In the age of technology, health is fast becoming a priority. Devices like the Apple Watch lean into it as a means to encourage sales, and both Google and Apple have apps designed to quantify your well-being. They work, too; not only do you get a glimpse of your raw data points, you often get insight on how that looks over the course of weeks and months, and what trends your data is returning. The question I had was wether or not connected weight lifting equipment like the Bowflex SelectTech 560 can help me achieve goals.
The SelectTech 560 is an upgrade to the 552. The weights are square rather than round, which has its own advantages. Not only symmetrically pleasing, it allows you to use the weights as push-up assists and more surface area means handling them away from the handle is easier.
Adjusting the weight is also simpler and more effective. Rather than a dial, the handle itself has become the weight selector. Simply place it in its holster, turn the handle, and it picks up or drops off weights. A small (too small, really) window tells you which weight you’ve selected.
As connected equipment goes, SelectTech is standard fare. It links to an accompanying app via Bluetooth, which has a range of options we’ll discuss in a bit. On a basic level, it can serve as a means to feed data into your favorite health app from Apple or Google. A small, removable Bluetooth receiver has a screen that counts reps so you can just work out and not worry about it.
If you like, there’s an optional stand for the weights. I highly suggest it. If you’re looking for a solid bench, I’d recommend Reebok’s. While not very comfortable, it can double as an aerobics step.
Bowflex’s SelectTech app is pretty straightforward, but has a lot going on under the hood. It has three main categories: 6 Week Challenge, Workouts and Just Lift.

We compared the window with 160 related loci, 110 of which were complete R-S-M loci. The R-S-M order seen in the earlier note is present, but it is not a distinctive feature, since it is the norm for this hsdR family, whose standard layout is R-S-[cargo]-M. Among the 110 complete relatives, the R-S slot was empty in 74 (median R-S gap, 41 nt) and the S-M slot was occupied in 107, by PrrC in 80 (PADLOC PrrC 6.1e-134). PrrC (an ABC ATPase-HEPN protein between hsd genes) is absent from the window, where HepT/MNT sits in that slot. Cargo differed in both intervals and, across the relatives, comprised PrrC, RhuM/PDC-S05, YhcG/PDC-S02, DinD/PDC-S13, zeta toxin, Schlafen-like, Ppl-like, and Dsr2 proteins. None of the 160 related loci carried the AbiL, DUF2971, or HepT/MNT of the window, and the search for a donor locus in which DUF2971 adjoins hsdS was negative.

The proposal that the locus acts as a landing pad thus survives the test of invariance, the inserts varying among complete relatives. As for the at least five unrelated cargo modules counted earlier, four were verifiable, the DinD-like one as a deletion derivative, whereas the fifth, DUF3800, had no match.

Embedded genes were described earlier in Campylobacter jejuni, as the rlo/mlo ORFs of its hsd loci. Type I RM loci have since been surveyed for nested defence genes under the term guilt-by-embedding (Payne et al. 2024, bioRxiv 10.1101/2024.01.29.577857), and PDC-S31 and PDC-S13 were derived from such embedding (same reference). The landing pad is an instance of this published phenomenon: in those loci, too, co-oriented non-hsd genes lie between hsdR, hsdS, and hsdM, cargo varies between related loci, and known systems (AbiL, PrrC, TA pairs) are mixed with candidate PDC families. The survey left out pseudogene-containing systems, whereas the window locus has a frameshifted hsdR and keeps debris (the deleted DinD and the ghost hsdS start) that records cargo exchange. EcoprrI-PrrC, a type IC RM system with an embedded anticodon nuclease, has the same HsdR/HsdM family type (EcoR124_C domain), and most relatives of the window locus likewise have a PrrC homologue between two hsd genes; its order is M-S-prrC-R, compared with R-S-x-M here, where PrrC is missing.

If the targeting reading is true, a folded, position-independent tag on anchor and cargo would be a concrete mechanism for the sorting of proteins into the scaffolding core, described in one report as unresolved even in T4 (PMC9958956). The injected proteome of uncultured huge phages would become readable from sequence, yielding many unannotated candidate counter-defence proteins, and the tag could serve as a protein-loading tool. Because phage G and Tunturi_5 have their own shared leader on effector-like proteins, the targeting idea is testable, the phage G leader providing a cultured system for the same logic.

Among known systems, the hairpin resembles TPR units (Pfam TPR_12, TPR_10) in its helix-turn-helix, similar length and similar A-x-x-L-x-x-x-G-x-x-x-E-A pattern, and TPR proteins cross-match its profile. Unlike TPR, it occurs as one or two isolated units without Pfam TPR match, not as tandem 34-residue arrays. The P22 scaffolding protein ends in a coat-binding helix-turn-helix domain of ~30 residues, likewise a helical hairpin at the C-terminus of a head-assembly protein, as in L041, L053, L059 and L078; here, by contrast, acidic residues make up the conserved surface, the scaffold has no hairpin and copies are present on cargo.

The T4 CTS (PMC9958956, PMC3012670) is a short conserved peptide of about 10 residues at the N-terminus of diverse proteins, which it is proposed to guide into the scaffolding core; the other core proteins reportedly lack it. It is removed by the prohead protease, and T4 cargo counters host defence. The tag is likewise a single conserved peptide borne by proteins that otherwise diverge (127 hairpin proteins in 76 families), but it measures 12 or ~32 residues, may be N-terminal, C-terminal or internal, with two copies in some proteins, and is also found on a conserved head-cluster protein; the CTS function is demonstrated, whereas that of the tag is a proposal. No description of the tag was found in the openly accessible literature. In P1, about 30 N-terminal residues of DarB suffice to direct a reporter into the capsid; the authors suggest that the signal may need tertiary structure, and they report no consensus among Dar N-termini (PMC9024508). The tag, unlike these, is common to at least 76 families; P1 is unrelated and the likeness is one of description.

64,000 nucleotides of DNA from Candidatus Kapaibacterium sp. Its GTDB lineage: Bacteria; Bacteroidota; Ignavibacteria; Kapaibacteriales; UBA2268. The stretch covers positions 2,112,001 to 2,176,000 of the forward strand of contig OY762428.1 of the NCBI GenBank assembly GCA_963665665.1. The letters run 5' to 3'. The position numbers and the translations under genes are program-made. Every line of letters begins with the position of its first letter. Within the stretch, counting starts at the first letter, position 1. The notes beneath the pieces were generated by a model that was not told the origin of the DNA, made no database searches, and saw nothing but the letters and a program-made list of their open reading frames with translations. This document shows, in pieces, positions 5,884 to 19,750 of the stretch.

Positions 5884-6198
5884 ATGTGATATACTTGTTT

The challenge is a preset litany of workouts designed to “improve your strength, endurance and overall fitness level.” Weekly 45-minute workouts target different muscle groups. As you navigate the weekly workouts, rest intervals become shorter while rep counts stretch.
Workouts lets you choose which areas you want to target, but offers its own routine for those muscle groups. You can also customize your workouts. Say 2 sets of jumping jacks over 30 seconds isn’t cutting it for you; just add more time and/or reps!
‘Just Lift’ simply links to your SelectTech 560’s Bluetooth handler. From there, it just plain counts reps. Sounds too simple, but it’s great for those times you’ve created your own routine that might not fit BowFlex’s recommendations.
Deeper in the app’s settings you can manage rest intervals, weight units and equipment. There’s also a Journal feature that logs all of your connected workouts, and a (long) list of exercises with video tutorials on how to do them. BowFlex calls the video tutorials 3DT (Three Dimensional Trainer).
The two things I love about the SelectTech 560 are the very two things that strike you immediately: it’s compact, and you can switch weights really fast. Without needing an empty wall in my home to line up a dumbbell set, I have a full set in a closet in my office (literally!).